Challenging imaginaries: changing meanings and analysing semiotics and rhetorics

By Amber Lee, Danny Cho, Junwoo Cheong, Matthew Nam, Stefano DiDonato, Thomas Youn

The American Dream is the idea that each person has the ability and freedom to pursue their aspirations on the basis of hard work. Our chosen image illustrates a group of men lifting McKinley on a gold coin, representing “sound money,” to promote the idea of prosperity under his presidency. Relatively, the concept of the American Dream was rampant in the 19th century, beckoning foreigners to immigrate and better their economic statuses (especially with the Gold Rush).

Important semiotics to note in the image: boat (commerce), industrialized city (civilization), American flag (freedom), gold coin (sound money), workers (various economic opportunities), sun (global empire).

Our group challenged the propagandistic idea that the highlighted notions of prosperity and commerce came with or subsequently to freedom. We contrarily proposed that freedom is a luxurious byproduct of said economic opportunities. A modern example is Operation Varsity Blues, a scandal that ousted at least 750 students benefiting from bribes that “influence[d] undergraduate admissions decisions at several top American universities.” Research indicates that those with existing familial wealth are more likely to attend university and better-ranked ones at that. Quartz Senior Data Reporter Dan Kopf writes, “Children of the wealthy benefit greatly from their parents’ ability to pay for tutors to improve grades, classes to raise standardized test scores, and in exceptional cases (paywall) to give large donations to schools that all but guarantee admission.”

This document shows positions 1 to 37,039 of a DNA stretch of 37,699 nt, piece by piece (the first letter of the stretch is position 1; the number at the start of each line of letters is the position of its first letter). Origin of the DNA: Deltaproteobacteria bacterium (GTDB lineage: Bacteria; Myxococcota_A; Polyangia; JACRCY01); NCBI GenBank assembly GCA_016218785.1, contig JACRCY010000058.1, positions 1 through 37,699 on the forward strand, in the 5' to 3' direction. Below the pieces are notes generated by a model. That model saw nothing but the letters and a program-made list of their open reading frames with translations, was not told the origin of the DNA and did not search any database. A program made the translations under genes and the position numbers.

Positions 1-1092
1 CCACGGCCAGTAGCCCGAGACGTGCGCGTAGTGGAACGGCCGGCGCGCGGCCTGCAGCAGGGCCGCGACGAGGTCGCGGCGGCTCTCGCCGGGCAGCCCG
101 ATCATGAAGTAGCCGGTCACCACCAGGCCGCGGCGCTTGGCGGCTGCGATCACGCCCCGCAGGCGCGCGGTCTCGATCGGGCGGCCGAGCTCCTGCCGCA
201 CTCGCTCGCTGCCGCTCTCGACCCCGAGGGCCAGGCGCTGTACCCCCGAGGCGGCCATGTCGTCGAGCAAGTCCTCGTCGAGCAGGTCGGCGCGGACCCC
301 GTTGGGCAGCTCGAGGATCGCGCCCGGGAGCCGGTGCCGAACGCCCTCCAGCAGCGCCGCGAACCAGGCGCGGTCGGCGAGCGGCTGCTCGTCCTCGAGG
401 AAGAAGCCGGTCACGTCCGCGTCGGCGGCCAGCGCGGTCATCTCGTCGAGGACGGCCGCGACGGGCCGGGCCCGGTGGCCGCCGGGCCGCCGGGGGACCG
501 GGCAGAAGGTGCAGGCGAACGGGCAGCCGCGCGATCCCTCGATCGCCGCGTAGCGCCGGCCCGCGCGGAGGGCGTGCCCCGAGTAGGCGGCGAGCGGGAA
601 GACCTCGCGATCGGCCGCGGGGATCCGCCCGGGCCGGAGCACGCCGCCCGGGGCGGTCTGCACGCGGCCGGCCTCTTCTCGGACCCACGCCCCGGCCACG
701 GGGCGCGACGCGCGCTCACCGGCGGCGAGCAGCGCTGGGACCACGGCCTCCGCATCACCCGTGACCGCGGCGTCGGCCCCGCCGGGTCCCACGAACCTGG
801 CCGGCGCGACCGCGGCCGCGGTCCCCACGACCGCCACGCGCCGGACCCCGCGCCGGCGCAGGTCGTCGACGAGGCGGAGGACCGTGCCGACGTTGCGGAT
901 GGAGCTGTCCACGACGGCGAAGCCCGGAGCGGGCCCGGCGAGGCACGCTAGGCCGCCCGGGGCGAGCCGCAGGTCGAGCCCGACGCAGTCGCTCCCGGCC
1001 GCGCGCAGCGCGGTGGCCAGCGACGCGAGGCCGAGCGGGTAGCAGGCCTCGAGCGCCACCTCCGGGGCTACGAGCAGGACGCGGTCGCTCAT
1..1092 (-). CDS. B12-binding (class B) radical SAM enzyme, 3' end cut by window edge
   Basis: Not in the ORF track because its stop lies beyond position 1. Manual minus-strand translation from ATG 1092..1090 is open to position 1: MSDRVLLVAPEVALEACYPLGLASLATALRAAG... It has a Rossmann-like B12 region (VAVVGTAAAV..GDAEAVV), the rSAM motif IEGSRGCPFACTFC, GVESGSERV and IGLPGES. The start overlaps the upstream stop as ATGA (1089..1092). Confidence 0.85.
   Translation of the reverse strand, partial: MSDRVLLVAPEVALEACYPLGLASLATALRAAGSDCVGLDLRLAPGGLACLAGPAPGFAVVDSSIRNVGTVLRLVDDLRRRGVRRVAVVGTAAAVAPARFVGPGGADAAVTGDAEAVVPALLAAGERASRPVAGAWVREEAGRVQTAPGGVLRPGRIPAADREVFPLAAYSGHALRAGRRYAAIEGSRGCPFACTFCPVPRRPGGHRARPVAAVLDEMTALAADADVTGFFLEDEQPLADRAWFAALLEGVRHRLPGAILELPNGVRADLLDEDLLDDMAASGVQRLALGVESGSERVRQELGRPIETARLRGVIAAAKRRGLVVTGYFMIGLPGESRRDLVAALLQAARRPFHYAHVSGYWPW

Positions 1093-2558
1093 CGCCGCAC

If we were to reimagine the poster in the reversed context proposed above, we would emphasize the freedom of McKinley atop the coin, representing the privileged, and the disadvantages that those that are beneath and carrying him might face. Additionally, an effective poster would utilize modern-day elements to garner deeper sympathy from its viewers. Examples of such elements include: airplanes rather than boats (international agility), robots and automated factories (economic shift).